Joanna Jedrzejczyk Wants to Be UFC’s First Female Two-Division Champion

By Mike Sloan Jun 29, 2016

After months of seething tension, UFC strawweight champion Joanna Jedrzejczyk will finally be able to get her hands on Claudia Gadelha next week when they square off in the main event of “The Ultimate Fighter 23” Finale in Las Vegas.

The two women have a very public feud that has been brewing since Jedrzejczyk edged Gadelha via split decision almost two years ago. Both believe they won the fight, and with every chance they get, verbal barbs and shoving ensues.

The amount of animosity between Jedrzejczyk and Gadelha is similar to other nasty rivalries in MMA, though Jedrzejczyk says it is unique to her.

“You can see that I didn’t have any with any of my other opponents, even in my staredowns,” Jedrzejczyk said. “I’m having this problem with Claudia and I can’t wait to fight her again. I am going to show you and her that I am the best. She always says that she won the first fight, blah blah blah. I am going to prove to her that I am the best. She knows she lost our first fight, and she’s going to lose our second fight.”

Being too emotional or angry in battle can lead to costly mistakes, so how does Jedrzejczyk plan on keeping things in check so she can retain her title on July 8?

“I have no emotions about upcoming fight,” she said. “I had a really good camp. I am going to go in there and do my job. I’m just focusing on the fight and not stuff outside of the cage. I had more motivation during the preparations for my fight with Claudia. I put in a lot of work and I feel ready to go.”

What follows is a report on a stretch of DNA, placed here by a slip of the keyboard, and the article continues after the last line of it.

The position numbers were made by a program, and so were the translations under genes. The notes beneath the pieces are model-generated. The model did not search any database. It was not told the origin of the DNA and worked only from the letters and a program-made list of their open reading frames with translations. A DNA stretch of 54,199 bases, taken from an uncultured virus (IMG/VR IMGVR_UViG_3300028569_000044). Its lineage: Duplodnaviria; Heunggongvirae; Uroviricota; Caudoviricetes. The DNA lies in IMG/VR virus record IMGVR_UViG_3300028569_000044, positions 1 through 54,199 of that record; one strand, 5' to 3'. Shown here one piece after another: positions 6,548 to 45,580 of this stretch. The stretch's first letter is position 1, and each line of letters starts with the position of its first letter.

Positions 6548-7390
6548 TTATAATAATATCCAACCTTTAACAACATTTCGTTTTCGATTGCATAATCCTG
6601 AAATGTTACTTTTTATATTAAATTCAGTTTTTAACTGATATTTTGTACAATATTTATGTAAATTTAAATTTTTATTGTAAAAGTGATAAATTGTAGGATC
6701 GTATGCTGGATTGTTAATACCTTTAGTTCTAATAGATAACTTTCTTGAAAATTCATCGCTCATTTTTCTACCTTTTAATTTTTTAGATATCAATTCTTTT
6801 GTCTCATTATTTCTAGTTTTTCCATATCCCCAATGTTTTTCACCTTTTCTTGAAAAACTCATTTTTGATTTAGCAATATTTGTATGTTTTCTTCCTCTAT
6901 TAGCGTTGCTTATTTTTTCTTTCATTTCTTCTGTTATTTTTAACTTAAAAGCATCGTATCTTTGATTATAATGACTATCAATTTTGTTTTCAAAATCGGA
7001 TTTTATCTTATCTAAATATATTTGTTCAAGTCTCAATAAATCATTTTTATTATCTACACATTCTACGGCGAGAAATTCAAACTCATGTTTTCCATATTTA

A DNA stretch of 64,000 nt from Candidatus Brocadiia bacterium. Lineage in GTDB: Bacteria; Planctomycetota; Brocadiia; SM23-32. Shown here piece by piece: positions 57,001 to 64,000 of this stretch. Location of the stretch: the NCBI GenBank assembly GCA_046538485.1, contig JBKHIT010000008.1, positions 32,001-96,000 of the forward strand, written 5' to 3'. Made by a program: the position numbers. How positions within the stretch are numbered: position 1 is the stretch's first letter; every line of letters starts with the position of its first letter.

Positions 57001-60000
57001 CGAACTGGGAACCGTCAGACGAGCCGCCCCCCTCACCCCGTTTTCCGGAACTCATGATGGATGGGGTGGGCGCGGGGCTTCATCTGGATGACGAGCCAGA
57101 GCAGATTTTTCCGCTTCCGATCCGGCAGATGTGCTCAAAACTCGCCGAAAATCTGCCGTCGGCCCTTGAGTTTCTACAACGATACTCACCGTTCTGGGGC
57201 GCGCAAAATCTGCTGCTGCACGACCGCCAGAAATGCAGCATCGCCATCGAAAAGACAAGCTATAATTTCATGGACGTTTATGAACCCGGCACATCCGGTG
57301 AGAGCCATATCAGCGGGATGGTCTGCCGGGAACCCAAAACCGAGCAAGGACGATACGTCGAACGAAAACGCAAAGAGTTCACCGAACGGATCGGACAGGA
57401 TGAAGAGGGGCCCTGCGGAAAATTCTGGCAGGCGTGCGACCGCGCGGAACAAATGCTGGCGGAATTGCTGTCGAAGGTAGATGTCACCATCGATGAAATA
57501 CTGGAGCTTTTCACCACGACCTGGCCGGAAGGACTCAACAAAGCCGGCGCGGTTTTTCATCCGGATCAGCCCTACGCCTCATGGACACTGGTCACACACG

Taking care of Gadelha -- whom Jedrzejczyk admits that she respects as a fighter and nothing more -- isn’t the only thing on the Polish fighter’s mind. Jedrzejczyk has her eyes on another prize, though it’s something that doesn’t exist quit yet. Already considered the best in the world at 115 pounds, “Joanna Champion” has eyes on making history in another division.

“I want to be the first female fighter to hold the belt in two different weight classes in the UFC,” she declared, angling for the chance to compete for the as-yet-inexistent UFC women’s flyweight championship.

Joanne Calderwood recently toppled Valerie Letourneau in the UFC’s first women’s duel at 125 pounds, and Jedrzejczyk thinks it’s just a matter of time before that becomes a full-fledged division.

“I think we need that division because bantamweights can go down and strawweights can come up,” said Jedrzejczyk. “I think the UFC should do this move. I used to compete at 125. I don’t have a big problem with the (straw)weight division or making weight, (but) it’s good for all of us.”

If and when the UFC decides to establish a 125-pound division for women, Jedrzejczyk will no doubt be standing at the front of the line when a title is birthed. It wouldn’t be surprising if Gadelha -- the Joe Frazier to Jedrzejczyk’s Muhammad Ali -- is there in her face, too.

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